You have until October 4 to provide new information for the October 15 and later payments.
New Babies in 2021
Question: What if I had a baby this year? Will I get advance payments?
Answer: Because the IRS does not know about the baby, you won't receive payments for the first couple of months. But eventually, you will be able to use the IRS's Child Tax Credit Update Portal to give the IRS this information. As discussed above, the tool's features are currently limited to checking whether you are automatically enrolled for advance payments, opting out of the advance payments and updating your bank account information. But when it is fully up and running sometime later this summer or fall, you will be able to go online and update the number of qualifying children to account for your new baby so the IRS will know to begin sending you payments. If you decide not to do this, you're not out of luck. You won't get the payments, but you'll be able to account for your child when you file your 2021 return next year. Provided you are otherwise eligible to take the child credit, you can take a child tax credit of up to $3,600 for your baby on your 2021 Form 1040.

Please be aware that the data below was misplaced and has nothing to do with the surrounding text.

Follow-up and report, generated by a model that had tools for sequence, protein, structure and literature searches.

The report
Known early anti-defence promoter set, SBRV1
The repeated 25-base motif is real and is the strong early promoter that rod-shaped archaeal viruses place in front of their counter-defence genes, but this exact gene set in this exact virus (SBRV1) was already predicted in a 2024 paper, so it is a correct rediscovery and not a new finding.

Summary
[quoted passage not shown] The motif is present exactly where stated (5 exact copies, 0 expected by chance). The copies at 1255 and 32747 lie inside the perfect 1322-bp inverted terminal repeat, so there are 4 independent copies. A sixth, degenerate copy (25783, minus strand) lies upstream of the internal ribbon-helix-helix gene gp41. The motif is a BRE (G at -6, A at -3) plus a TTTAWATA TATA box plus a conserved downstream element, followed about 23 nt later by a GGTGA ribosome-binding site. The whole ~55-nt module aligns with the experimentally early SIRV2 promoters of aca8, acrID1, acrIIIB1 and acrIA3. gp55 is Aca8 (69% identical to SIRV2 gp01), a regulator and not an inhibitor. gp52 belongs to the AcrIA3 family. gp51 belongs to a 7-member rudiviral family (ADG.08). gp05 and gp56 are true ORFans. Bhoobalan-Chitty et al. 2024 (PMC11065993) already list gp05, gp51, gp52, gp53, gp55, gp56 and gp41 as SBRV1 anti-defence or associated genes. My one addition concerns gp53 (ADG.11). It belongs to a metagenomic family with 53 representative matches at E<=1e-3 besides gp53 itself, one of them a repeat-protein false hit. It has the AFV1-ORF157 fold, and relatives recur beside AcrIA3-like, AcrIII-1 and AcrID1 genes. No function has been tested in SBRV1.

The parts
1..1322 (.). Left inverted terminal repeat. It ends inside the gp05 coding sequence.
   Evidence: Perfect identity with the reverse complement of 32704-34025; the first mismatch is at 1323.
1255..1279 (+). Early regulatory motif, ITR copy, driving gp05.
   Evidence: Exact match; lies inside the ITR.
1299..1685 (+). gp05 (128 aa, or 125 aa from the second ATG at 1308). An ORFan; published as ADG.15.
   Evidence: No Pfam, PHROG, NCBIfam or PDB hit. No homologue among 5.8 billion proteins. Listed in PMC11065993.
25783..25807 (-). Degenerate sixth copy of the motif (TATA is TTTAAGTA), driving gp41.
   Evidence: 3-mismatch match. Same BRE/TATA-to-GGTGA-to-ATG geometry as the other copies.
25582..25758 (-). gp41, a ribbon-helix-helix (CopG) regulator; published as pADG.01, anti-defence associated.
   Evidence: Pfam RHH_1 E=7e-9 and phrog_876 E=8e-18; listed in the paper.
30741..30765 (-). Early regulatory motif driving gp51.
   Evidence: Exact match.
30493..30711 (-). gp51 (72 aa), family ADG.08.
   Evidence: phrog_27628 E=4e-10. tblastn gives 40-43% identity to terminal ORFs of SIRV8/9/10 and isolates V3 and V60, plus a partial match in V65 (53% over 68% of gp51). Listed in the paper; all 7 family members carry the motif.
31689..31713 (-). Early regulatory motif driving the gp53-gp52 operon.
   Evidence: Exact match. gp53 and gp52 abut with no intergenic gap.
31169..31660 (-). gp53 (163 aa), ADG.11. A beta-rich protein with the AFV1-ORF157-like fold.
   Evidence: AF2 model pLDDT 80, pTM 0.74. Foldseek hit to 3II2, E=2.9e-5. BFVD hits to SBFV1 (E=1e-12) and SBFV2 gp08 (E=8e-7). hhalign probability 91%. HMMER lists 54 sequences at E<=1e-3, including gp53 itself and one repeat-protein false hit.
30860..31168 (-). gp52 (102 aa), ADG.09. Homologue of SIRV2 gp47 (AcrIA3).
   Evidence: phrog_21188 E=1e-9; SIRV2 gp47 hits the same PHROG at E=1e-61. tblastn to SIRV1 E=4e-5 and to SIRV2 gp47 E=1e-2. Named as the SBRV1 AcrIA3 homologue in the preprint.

Opting Out of Advance Payments
Question: I know I will qualify for a child tax credit for 2021, but I don't want to receive advance payments. Is there a way of opting out?
Answer: Yes. People who want to opt out of the advance payments and instead take the full child credit on their 2021 return can do so now through the IRS's Child Tax Credit Update Portal. You will first have to verify your identity before using the tool. If you already have an existing username, you're set to go. People without an existing account will have to verify their identity with a form of photo identification using ID.me, a trusted third party for the IRS.
There are other reasons people may decide to opt out of the advance payments besides wanting to take the fully refundable child credit in one lump sum on their 2021 tax returns. For example, opting out is recommended for families who claimed the child credit on their 2020 return, but know they will not be able to do so for 2021 because their modified AGI will be too high. A divorced parent who claimed a child as a dependent in 2020, and whose ex-spouse is eligible to claim the child in 2021, should also look into opting out of advance child credit payments.
Note that there are deadlines for opting out if you want to cut off monthly payments before the next one arrives. To opt out before you receive a certain monthly payment, you must unenroll by at least three days before the first Thursday of the month in which that payment is scheduled to arrive. It's too late to opt out of the July, August and September payments, but if you want to opt out of the final three monthly payments, you'll have to go on the IRS's Child Tax Credit Update Portal and unenroll no later than October 4. For more details on when to opt out and a full schedule of the opt-out deadlines, see How and When to Opt-Out of Monthly Child Tax Credit Payments.